Developmental issues of non-communicable diseases risk factors in lower income countries

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Author: Joav Merrick
Page Range: 67-68
Published in: International Journal on Disability and Human Development, Volume 22 Issue 2
ISSN: 2191-1231

Table of Contents

Introduction

“Noncommunicable diseases (NCDs), such as heart disease, stroke, cancer, chronic respiratory diseases and diabetes, are the leading cause of mortality in the world. This invisible epidemic is an under-appreciated cause of poverty and hinders the economic development of many countries. The burden is growing – the number of people, families and communities afflicted is increasing. Common, modifiable risk factors underlie the major NCDs. They include tobacco, harmful use of alcohol, unhealthy diet, insufficient physical activity, overweight/obesity, raised blood pressure, raised blood sugar and raised cholesterol. The NCD threat can be overcome using existing knowledge. The solutions are highly cost-effective. Comprehensive and integrated action at country level, led by governments, is the means to achieve success” (1).
The World Health Organisation (WHO) STEPwise approach to NCD risk factor surveillance (STEPS) is a simple, standardized method for collecting, analysing and disseminating data on key NCD risk factors in countries. The survey instrument covers key behavioural risk factors: tobacco use, alcohol use, physical inactivity, unhealthy diet, as well as key biological risk factors: overweight and obesity, raised blood pressure, raised blood glucose, and abnormal blood lipids. Through the use of expanded modules, the survey instrument can be expanded to cover a range of topics beyond these risk factors, such as oral health, sexual health and road safety” (2).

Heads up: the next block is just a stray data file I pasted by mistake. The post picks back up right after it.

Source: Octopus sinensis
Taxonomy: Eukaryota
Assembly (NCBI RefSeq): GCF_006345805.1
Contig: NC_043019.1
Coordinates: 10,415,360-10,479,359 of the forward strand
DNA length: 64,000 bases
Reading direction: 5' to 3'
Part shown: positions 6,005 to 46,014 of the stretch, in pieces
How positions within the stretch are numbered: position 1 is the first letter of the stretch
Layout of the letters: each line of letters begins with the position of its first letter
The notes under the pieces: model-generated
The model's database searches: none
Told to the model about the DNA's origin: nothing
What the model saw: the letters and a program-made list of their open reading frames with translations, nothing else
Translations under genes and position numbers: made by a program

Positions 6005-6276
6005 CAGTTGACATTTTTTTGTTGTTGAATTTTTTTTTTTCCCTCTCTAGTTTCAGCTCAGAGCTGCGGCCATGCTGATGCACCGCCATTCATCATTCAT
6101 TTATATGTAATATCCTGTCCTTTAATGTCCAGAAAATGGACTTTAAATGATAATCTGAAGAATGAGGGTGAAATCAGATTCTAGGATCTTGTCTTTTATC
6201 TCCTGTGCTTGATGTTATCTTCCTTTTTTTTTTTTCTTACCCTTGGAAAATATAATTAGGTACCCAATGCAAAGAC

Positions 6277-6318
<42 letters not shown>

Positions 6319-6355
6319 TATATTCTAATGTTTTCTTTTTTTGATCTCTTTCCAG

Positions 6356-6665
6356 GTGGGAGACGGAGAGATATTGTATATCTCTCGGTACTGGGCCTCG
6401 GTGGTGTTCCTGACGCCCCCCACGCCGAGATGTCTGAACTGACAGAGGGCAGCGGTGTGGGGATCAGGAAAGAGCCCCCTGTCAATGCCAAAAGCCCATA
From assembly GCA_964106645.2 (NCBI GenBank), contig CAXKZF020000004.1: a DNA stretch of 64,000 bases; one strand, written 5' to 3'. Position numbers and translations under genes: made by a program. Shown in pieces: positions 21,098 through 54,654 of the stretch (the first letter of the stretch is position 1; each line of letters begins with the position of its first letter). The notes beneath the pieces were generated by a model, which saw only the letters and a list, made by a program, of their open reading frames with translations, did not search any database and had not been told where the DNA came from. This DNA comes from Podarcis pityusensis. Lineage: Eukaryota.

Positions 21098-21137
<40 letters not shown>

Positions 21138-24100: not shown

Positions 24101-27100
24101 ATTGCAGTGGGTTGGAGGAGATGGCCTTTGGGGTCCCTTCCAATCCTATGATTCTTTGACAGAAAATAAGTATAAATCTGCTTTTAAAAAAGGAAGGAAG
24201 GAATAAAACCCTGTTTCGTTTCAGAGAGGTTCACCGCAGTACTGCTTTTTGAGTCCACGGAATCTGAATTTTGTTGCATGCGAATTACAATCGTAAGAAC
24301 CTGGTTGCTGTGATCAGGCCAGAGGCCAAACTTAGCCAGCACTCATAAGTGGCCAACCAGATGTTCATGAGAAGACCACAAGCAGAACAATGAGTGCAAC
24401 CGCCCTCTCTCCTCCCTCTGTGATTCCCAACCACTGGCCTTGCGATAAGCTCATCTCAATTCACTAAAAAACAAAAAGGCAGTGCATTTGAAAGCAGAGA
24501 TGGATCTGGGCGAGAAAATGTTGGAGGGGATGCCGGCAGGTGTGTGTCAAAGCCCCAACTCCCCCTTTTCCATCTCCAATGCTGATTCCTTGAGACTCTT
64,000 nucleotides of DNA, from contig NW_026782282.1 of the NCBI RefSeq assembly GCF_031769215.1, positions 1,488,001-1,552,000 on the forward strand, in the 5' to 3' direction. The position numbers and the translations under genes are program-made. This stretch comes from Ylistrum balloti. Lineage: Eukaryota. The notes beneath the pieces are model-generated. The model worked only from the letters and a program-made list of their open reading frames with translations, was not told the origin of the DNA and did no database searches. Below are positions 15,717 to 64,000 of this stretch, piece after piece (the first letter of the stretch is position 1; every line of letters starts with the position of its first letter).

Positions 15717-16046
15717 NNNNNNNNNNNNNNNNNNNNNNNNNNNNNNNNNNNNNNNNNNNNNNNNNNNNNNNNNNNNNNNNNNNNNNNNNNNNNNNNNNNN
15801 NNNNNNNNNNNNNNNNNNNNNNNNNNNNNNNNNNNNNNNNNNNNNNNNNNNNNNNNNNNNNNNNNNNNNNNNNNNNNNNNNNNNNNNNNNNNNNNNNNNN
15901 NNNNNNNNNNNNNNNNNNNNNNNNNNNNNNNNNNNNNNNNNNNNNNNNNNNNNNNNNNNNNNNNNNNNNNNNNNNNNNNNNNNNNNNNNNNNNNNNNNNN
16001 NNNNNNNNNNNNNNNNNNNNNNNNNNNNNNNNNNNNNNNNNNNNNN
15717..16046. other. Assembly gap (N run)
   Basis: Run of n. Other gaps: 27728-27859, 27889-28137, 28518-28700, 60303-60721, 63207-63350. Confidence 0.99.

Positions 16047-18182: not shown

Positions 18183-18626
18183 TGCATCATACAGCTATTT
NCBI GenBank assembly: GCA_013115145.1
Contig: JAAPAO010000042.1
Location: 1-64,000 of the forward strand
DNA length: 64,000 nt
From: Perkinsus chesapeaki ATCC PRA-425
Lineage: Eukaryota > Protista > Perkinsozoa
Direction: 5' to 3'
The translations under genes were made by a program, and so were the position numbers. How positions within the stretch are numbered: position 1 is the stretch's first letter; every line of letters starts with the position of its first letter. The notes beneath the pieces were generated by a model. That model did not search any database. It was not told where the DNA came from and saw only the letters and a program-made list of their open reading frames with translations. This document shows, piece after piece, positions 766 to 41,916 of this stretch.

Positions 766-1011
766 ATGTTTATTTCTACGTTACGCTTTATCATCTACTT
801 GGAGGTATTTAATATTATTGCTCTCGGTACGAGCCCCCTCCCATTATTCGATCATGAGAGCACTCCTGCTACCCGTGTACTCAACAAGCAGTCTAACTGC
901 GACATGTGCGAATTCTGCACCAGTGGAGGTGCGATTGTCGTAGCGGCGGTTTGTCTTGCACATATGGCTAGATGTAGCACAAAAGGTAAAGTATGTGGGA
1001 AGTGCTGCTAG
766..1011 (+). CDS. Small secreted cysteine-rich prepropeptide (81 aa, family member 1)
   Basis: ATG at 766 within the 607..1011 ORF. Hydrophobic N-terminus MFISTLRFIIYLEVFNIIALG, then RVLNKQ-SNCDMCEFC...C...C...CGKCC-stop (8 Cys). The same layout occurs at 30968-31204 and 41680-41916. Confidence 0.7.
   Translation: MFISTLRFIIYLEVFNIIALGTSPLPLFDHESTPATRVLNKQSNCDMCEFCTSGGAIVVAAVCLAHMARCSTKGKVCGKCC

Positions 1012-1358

This special issue deals with cervical cancer screening, oral health status, intention to quit smoking, biological and behavioural NCD risk factors, yoga practice, low physical activity, dental service utilisation, dyslipidaemia, sedentary behaviour, soft drink consumption, non-work participation, undiagnosed type 2 diabetes, and undiagnosed, diagnosed and total hypertension in ten countries including Afghanistan, Bangladesh, Bhutan, Bolivia, Ecuador, Eswatini, India, Jordan, Myanmar, and Tonga. It is hoped that findings from these papers may aid public policy and programmes for the prevention and control of NCD risk factors in lower income countries.

References

[1] World Health Organization. Non-communicable diseases, 2022. URL: https://www.who.int/data/gho/data/themes/noncommunicable-diseases.
[2] World Health Organisation. STEPwise approach to NCD risk factor surveillance (STEPS), 2022. URL: https://www.who.int/teams/noncommunicable-diseases/surveillance/systems-tools/steps.

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